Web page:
When it comes to picking favorites in the increasingly frenetic Emmy Awards race, familiarity doesn’t breed contempt so much as relief. In truth, prognosticating the Emmy results has become a predictable affair, as the TV Academy’s annual soiree often salutes the same clutch of series year after year.

Not so with the Broadcast Television Journalists Assn. — the nominating body behind the Critics’ Choice TV Awards.

“I think it’s important to have an organization like this that helps focus attention in a universe that’s so broad,” says BTJA president Joey Berlin. “No one Emmy voter could possibly be knowledgeable about everything that’s on television.”

The glut of high-quality programming brought about by TV’s current “golden age” is a double-edged sword for the makers and consumers of entertainment. Audiences have more choices than ever before, but the raft of options means many deserving shows get lost in the shuffle or relegated to the depths of the DVR — and that’s true of Academy members as much as regular viewers.

“The natural dynamic for the Emmys is that people vote for things that they’re familiar with, so you have shows like ‘Modern Family’ win five years in a row,” Berlin notes. But for TV critics, who are required to focus on the old and new with equal attention, orange really is the new black.

“Our folks are more excited about new, different and fresh shows and performances than on very successful, long-running shows that are continuing to do what they’ve done well in the past,” Berlin says, noting that there’s a general air of “let’s shine a light on something that hasn’t been celebrated over and over.”

That’s good news for shows like The CW’s “Jane the Virgin,” FX’s “You’re the Worst,” Amazon’s “Transparent” and Fox’s “Empire,” which all earned Critics’ Choice noms for their inaugural seasons.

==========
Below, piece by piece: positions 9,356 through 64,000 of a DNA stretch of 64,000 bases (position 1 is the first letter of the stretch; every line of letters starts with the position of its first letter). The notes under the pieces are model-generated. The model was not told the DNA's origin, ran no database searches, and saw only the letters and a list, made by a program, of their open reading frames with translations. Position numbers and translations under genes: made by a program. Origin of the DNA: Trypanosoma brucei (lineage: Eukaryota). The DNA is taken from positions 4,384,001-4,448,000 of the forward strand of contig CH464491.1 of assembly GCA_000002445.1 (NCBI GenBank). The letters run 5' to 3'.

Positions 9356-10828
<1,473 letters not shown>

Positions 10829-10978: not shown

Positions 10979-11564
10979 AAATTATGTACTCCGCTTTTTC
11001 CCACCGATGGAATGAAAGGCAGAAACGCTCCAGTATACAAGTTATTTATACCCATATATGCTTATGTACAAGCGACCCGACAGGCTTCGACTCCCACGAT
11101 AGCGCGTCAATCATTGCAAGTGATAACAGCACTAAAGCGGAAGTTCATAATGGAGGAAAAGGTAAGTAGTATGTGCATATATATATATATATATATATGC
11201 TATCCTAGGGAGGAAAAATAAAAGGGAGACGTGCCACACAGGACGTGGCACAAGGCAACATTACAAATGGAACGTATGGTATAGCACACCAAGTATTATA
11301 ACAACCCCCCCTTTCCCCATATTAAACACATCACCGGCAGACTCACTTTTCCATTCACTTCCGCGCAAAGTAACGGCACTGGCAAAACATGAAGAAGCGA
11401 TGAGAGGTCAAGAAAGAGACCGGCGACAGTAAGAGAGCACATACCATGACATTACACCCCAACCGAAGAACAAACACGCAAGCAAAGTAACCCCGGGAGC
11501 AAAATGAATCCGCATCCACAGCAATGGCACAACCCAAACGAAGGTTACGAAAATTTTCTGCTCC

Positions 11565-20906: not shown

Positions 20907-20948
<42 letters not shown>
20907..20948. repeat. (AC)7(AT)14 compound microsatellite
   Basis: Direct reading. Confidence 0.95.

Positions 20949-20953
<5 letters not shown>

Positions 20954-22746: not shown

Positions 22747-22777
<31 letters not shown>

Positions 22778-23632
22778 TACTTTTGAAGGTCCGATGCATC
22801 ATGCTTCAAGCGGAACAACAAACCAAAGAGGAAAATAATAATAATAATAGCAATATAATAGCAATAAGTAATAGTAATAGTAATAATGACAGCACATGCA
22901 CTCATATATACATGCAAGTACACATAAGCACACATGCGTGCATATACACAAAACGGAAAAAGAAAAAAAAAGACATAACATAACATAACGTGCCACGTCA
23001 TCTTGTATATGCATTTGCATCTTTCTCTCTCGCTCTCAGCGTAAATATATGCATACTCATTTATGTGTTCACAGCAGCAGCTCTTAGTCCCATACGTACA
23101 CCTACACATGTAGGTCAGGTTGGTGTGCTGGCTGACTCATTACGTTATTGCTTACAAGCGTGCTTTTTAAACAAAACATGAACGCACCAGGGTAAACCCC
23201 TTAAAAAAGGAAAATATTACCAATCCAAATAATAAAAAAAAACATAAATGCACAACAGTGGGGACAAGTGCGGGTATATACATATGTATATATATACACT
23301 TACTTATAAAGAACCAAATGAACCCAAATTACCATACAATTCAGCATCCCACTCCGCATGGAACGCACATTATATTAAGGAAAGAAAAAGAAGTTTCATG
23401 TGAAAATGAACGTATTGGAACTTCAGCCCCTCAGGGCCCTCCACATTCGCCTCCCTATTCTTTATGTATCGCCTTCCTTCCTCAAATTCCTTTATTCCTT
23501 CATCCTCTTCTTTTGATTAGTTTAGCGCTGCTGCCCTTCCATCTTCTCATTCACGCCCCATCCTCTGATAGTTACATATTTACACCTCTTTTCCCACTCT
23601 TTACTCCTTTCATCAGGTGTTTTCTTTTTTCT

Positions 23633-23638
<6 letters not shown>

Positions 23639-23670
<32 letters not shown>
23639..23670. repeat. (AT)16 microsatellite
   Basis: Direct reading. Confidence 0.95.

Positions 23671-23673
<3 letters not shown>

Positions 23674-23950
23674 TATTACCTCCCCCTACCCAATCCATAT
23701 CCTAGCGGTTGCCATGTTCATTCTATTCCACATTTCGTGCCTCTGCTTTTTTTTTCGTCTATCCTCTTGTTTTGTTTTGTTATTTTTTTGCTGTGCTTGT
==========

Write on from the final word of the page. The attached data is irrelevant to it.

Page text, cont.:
“It’s honestly overwhelming,” says “Jane” creator Jennie Snyder Urman. “It’s all these people that I read anyway — I like their opinions on TV and they’re engaged as a community. You read their analyses after ‘Mad Men’ and then you’re like, ‘Oh my gosh, they know and like our show?’ … We’re also in the company of all these shows that I look up to, and people that are doing amazing work, so I’m so glad we got invited to that party.”

As the only freshman nominee in the drama category, facing off against heavyweights like “Homeland” and “The Good Wife,” “Empire” showrunner Ilene Chaiken says, “it means a great deal” for the show to be recognized. She attributes the runaway success of “Empire” — the highest-rated scripted broadcast series of last season — to a combination of factors: “It’s wildly entertaining; the music is excellent; and at the same time, it also touches on a lot of very real things that audiences haven’t necessarily seen on television, starting with representation of an underrepresented and significant population, and a true telling of the stories of people whose stories don’t often get told. I believe that television audiences really long for that.”

Frosh series aren’t the only newcomers to the CCTA race: FX’s “Justified,” which recently completed its sixth and final season, earned a drama nod for the first time since 2011, when the Critics’ Choice TV Awards were launched. In fact, it leads the CCTA pack with five noms, tied with HBO’s limited series “Olive Kitteridge.”

“It means a lot. The reality is, we worked incredibly hard on every season; we knew that there would be a lot of focus on the final season — I wouldn’t say we worked any harder, but we were conscious of that,” showrunner Graham Yost says. “When we started to hear the critical drumbeat that this was a good strong season, we were very appreciative of that.”

Supporting actress Joelle Carter also earned her first nom, for which she’s incredibly grateful.
“It’s such an honor to get a nomination for the show, for the family, for the team effort, and then the individual ones are just cherries on top of the cake,” Carter says. “I came in with blind faith and the desire to play this character from day one because of the wonderful rich life, flavor and identity that Elmore Leonard gave her in the short story. To see her honored throughout the years and for it to really pay off in this last season is a very fulfilling moment in my career.”

Whether the trailblazing lineup of Critics’ Choice nominees translates to Emmy glory remains to be seen, but Berlin is cautiously optimistic. “It’s impossible for Emmy voters to see everything, so when a significant organization like this weighs in, you have to pay attention,” he says. “I think the truth is that the Television Academy, having this overwhelming array of choices, is probably going to be a lagging indicator and continue to be saluting the most familiar things. But I’m proud that our organization is out there, trying to help nudge them into sampling some of the exciting new shows.”